Huge welfare overhaul proposed

Paula Rebstock
Paula Rebstock
Having welfare mums head back to work when babies are 14 weeks old and merging main benefit levels into one support payment are some of the radical changes suggested to discourage long-term dependence on the dole.

The Welfare Working Group today released its final report, giving the Government 43 recommendations to reform the welfare system into a work-focused programme.

The report focuses on cutting the number of people on welfare, currently about 360,000, by putting work obligations on them in exchange for support such as childcare.

The group suggested the Government set a target of at least 100,000 fewer working age people on welfare by 2021, and reduce the 31 percent of working-age Maori on the dole by about a third.

"The social and economic costs of the current New Zealand welfare system are unacceptably high and the potential benefits of reform are so significant that fundamental change is needed," Welfare Working Group chairwoman Paula Rebstock said.

"The Welfare Working Group is confident that if the reform package is implemented effectively, it will have a positive impact on many individuals, their families and the wider community."

Ms Rebstock said the cost of welfare would go from $47 billion to $34b by 2021 if reforms proceeded.

Among the group's radical suggestions were having solo parents work 20 hours a week when their youngest child reached 3 years old, and if they had a subsequent child while on welfare, they would have to look for paid work when the child turned 14 weeks.

Prime Minster John Key today said the 14-weeks threshold "was a step too far", but said 3-year threshold "makes sense".

The group recommends a subsidy for solo parents aimed at covering the costs of childcare for the first six months of work, or two years of study.

But the Government should set clearer expectations for people on the welfare system to look for paid work, and if recipients do not meet their obligations, the group said recipients should face gradual reductions of assistance.

Beneficiaries would get a 25 percent payment cut for the first failure; 50 percent for the second; 100 percent for the third; and a 13-week stand-down for a fourth or any subsequent failure.

Other changes suggested were merging all existing categories of benefits into a single Jobseeker Support payment.

Jobseeker recipients would receive the current rate under the unemployment benefit, the additional costs of the other benefits would be converted into supplementary payments.

Ms Rebstock said the single work-focused payment would raise the number of people looking for work from 37 percent to 77 percent.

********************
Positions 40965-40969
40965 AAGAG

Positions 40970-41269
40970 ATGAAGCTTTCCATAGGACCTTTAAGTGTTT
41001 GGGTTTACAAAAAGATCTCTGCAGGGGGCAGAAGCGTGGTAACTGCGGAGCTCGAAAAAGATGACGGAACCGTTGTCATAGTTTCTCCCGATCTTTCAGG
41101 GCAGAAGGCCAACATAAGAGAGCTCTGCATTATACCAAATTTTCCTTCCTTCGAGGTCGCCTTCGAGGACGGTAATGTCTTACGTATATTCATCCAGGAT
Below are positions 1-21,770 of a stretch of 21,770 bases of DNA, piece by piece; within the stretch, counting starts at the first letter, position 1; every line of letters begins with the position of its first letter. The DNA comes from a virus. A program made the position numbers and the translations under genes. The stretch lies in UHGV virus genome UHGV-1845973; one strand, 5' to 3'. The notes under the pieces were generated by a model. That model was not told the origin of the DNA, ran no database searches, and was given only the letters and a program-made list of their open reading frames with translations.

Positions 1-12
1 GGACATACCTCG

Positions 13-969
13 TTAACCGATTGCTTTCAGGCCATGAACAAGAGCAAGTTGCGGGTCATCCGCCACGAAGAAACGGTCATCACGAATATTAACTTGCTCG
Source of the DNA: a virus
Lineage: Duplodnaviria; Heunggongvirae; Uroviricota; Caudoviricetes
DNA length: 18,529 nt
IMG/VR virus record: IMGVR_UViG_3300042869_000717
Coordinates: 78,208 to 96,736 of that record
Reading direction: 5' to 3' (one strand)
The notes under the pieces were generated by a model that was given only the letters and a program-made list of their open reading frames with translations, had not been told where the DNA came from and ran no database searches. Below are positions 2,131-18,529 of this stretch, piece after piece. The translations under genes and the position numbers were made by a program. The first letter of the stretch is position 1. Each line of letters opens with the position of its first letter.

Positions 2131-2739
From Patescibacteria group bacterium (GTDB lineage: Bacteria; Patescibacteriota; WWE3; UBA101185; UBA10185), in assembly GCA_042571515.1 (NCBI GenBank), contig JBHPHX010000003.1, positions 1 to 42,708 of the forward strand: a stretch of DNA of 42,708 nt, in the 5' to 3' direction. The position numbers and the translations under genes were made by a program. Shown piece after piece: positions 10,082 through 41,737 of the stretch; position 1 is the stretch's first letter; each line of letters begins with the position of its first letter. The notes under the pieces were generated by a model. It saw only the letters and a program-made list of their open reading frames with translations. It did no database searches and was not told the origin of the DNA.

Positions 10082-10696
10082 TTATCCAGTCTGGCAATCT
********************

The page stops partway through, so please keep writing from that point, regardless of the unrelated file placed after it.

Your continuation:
The establishment of a delivery agency, Employment and Support New Zealand, responsible for achieving better long-term outcomes, was also suggested.

Social Development Minister Paula Bennett said the Government would consider the report.

"This Government certainly believes a radical shift is needed, to put the focus on what people can do, not what they can't do," she said.

"New Zealand now has an opportunity to make real, lasting change to our welfare system to break the cycle of dependency.

"This will take time and we'll keep talking to New Zealanders about the kind of welfare system they want, that is fair and effective," she said.

Other recommendations include:

* a work-for-welfare scheme to test the willingness of recipients to comply with job search obligations;

* having doctors issue "fit notes" that would focus on information about what a person can do for work;

* offering drug and alcohol treatment to addicts and if refused, the recipient could face reductions of assistance;

* having 16- and 17-year-old solo-parents undertake parenting and budgeting programmes;

* adopting an approach modelled on ACC's Better at work scheme;

* incentives to encourage employers to provide on-the-job-training;

* incentives for people with temporary exemptions to work such as tax credits or other in-work financial support;

* investing in early intervention programmes for at-risk families;

* policies that will tackle the high levels of under-achievements in schools;

* creating a comprehensive database of at-risk young people;

* having an ongoing assessment of the impact of the welfare system on the well-being of children as 222,000 children are growing up in benefit dependent households;

* offering budgeting support services to recipients who have difficulties with budget management;

* and having a committee to overlook the changes.


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